U.S. President Donald Trump touted the use of U.S. tariffs on foreign small trucks Wednesday, saying their placement on other foreign vehicles would have prevented the closure of several General Motors plants and the loss of thousands of coveted manufacturing jobs.
Trump noted on Twitter that brisk U.S. small truck sales in the country are due to a 25-percent tariff on small truck imports.
The president reiterated on Twitter that "countries that send us cars have taken advantage of the U.S. for decades.” Trump added he has “great power on this issue,” which he said “is being studied now.”
The reason that the small truck business in the U.S. is such a go to favorite is that, for many years, Tariffs of 25% have been put on small trucks coming into our country. It is called the “chicken tax.” If we did that with cars coming in, many more cars would be built here.....— Donald J. Trump (@realDonaldTrump) November 28, 2018
.....and G.M. would not be closing their plants in Ohio, Michigan & Maryland. Get smart Congress. Also, the countries that send us cars have taken advantage of the U.S. for decades. The President has great power on this issue - Because of the G.M. event, it is being studied now!— Donald J. Trump (@realDonaldTrump) November 28, 2018
Trump has threatened to eliminate all federal subsidies to GM in response to the company’s planned closure of five plants and the elimination of 14,000 jobs in North America. Questions remain, though, about whether Trump has the authority to act against the automaker without congressional approval.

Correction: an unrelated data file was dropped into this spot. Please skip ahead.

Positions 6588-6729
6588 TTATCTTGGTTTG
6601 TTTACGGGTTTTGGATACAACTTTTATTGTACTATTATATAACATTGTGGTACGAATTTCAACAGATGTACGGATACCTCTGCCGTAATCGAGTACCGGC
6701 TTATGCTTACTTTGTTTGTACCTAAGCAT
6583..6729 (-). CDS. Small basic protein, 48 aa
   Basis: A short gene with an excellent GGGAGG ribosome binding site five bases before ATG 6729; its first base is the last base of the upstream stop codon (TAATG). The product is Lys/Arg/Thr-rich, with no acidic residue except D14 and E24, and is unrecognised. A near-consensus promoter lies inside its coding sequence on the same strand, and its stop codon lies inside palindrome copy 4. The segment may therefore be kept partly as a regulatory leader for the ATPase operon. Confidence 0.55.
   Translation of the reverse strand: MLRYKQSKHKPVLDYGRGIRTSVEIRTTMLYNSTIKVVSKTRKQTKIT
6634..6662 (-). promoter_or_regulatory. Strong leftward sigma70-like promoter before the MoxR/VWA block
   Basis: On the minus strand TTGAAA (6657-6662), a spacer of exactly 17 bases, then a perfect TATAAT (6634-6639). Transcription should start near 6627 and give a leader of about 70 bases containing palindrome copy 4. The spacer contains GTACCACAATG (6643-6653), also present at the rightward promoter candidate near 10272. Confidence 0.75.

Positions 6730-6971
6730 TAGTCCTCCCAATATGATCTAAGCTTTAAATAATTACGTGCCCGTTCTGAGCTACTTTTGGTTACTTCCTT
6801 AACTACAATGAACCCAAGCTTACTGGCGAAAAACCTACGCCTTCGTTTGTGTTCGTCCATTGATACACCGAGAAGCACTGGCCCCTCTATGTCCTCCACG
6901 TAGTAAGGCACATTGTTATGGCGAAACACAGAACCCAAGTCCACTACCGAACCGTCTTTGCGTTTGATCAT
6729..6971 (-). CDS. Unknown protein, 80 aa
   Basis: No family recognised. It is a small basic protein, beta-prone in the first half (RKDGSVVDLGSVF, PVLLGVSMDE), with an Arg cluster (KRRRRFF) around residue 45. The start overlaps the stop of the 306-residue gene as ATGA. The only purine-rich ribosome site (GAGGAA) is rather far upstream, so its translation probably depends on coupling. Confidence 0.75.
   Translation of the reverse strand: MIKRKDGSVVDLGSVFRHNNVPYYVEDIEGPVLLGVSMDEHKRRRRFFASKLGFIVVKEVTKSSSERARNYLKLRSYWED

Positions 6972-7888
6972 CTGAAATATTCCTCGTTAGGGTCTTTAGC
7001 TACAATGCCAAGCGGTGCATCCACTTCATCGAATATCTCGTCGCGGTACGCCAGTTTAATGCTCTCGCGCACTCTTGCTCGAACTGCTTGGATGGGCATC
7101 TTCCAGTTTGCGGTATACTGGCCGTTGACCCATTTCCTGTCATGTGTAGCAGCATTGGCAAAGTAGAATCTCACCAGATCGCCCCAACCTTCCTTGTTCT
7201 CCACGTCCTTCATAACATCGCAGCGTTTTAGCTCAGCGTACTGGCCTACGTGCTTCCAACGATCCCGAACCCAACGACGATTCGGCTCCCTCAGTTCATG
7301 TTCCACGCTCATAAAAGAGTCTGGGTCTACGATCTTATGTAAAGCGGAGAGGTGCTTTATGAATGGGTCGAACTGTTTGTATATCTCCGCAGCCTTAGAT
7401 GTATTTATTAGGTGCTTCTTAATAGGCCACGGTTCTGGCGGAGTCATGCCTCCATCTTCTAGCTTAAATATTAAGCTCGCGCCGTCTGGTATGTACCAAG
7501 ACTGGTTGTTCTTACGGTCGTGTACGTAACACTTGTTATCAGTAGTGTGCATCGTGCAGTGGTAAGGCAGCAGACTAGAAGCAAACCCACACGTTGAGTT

Federal tax credits of up to $7,500 are available to those who buy GM electric vehicles. Killing the subsidies may have little financial impact on GM because it is on the cusp of reaching its subsidy limit.
Many of the jobs would be eliminated in Midwestern U.S. states, a region where Trump has long promised a manufacturing rebirth.
GM, which said it has invested more than $22 billion in U.S. operations since it came out of bankruptcy in 2009, has tried to appease the Trump administration while justifying its decisions.
“We appreciate the actions this administration has taken on behalf of industry to improve the overall competitiveness of U.S. manufacturing,” GM said in a statement Tuesday.
Before GM can shutter factories next year in Michigan, Ohio and Ontario, Canada, it must reach agreement with the United Auto Workers union. The union has vowed to fight the closures legally and in collective bargaining.
GM’s restructuring reflects changes in buying trends in North America, prompting vehicle manufacturers to shift away from cars and toward SUVs and trucks.